The upper handSujata Assomull
The Indian sari has stood the test of time. Described as a classic drape, even fashion designers know better than to tamper with the timeless elegance of the sari. As designer Arjun Khanna says, "It is a classic. It suits most occasions. And along with beauty you get a very functional and manageable garment. You just cannot go wrong with a sari."
But where you can go wrong, seriously wrong, is with the choli. Gone are the days when women either didn't wear blouses or depending on tradition stuck to a backless choli a la Rajasthan or the more middle-class half-sleeved round necked version. Like rising and falling hemlines, sari blouses too need either the standard 80 cms or much less depending on the mood of the moment.
How do you decide what is perfect for you? The first rule when it comes to fashion diktats is stick to what suits your body type. Don't be such a slave to fashion that you start wearing sleeveless blouses when you are cursed with plump arms.
While leading fashion designers also don't stick to hard and fast rules, they recommend that you assess your needs before you set out to the tailor. Says Arjun, "The figure, the skin tone, the bone structure and the personality must be taken into account."
After that there are a few basic guidelines. For instance, Delhi's designer duo Bobby & Manju Grover recommend, "If you are round-shouldered, you should wear high-backed blouses." And though short women often stay away from longer blouses, if you are slim they can actually be rather flattering. A well-tapered longish blouse can actually create the impression of height. Well-endowed women also need to choose their blouses with care. A very high neck line is a no-no but then a very low neckline can also look very tacky.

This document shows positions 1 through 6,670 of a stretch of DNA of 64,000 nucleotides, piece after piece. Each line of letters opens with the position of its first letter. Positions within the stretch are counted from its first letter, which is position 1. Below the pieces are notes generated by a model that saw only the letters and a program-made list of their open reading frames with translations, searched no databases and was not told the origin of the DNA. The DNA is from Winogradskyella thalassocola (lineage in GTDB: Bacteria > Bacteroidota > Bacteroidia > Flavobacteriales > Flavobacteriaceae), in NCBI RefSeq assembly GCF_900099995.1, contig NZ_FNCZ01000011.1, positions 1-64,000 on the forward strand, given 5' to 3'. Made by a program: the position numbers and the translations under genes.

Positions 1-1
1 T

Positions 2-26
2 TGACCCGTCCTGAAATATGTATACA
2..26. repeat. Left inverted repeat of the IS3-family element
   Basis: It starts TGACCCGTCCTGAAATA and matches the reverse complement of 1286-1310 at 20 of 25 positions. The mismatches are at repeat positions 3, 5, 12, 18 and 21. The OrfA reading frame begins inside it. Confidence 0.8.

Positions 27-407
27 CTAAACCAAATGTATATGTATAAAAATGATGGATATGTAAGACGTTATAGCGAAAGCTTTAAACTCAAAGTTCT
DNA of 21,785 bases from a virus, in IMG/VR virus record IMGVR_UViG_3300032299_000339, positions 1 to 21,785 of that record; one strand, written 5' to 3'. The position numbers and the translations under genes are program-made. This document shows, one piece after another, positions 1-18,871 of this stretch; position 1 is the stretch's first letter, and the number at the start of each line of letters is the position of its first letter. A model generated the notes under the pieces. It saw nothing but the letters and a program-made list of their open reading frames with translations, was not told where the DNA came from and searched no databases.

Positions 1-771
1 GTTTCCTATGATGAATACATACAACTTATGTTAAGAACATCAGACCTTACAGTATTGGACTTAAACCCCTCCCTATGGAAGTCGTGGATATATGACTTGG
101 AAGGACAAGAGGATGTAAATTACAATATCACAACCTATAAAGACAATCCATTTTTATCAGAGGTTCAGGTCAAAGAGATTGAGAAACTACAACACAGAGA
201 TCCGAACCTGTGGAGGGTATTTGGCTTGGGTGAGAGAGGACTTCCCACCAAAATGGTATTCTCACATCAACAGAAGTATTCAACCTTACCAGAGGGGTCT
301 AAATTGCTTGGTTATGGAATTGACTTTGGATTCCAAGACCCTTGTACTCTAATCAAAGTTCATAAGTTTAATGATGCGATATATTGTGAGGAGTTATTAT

This season, short sleeves and sleeveless blouses are the rage. If you are slim with well-shaped arms then you have no need to worry. But if not, then stick to half sleeves. "These create an illusion of slimness," says Arjun.
These days, designers like Arjun are concentrating on halter-neck and low-back sari blouses. But he is the first to admit that not everyone can wear these. "You have to have a good figure," he says. The styling of a blouse can change the whole effect of an outfit. "A long-sleeved blouse instead of a short-sleeved blouse can radically alter the look of the sari," adds Arjun.
For formal occasions, embroidered blouses are still very popular. And it is not just the designers who do these. Most traditional sari shops now have a range of blouses with threadwork that you can wear with a plain sari. Or, you can design your own -- buy a piece of brocade which you can team with a plain sari. But if you are short, the rule of less is better holds true. "You need less embroidery on a smaller person," suggests Arjun. Also, you have to be careful with any other additions that can make a sari look very bulky. For instance, the double pallu sari can be overwhelming on a petite person.
Designers also recommend that the skin tone should be taken into consideration before choosing what colour your blouse and sari should be. Fairer skins are at an advantage as they can carry any colour. Of course, darker hues such as navy and black make you slimmer, but Bobby & Manju also suggest trying neutral shades. "And no fluorescent colours, as they do nothing," they add. The colour of the moment is shades of blue and aqua.The hairstyle of the women also makes a difference. Women with short hair can wear lower necks and fancier styles. Long hair styles, unless worn up, can cover the fancy detail.
With readymade blouses flooding the market, fewer women are going to tailors or even designers to get sari blouses made. Bobby & Manju have two tips for buying readymade blouses. They should be well-cut with the darts placed properly. And, the way to tell a well-made blouse is to turn it inside out. A blouse should be as well-stitched on the inside as on the outside. And, the rest as always, depends on how well you carry yourself.
Copyright © 1997 Indian Express Newspapers (Bombay) Ltd.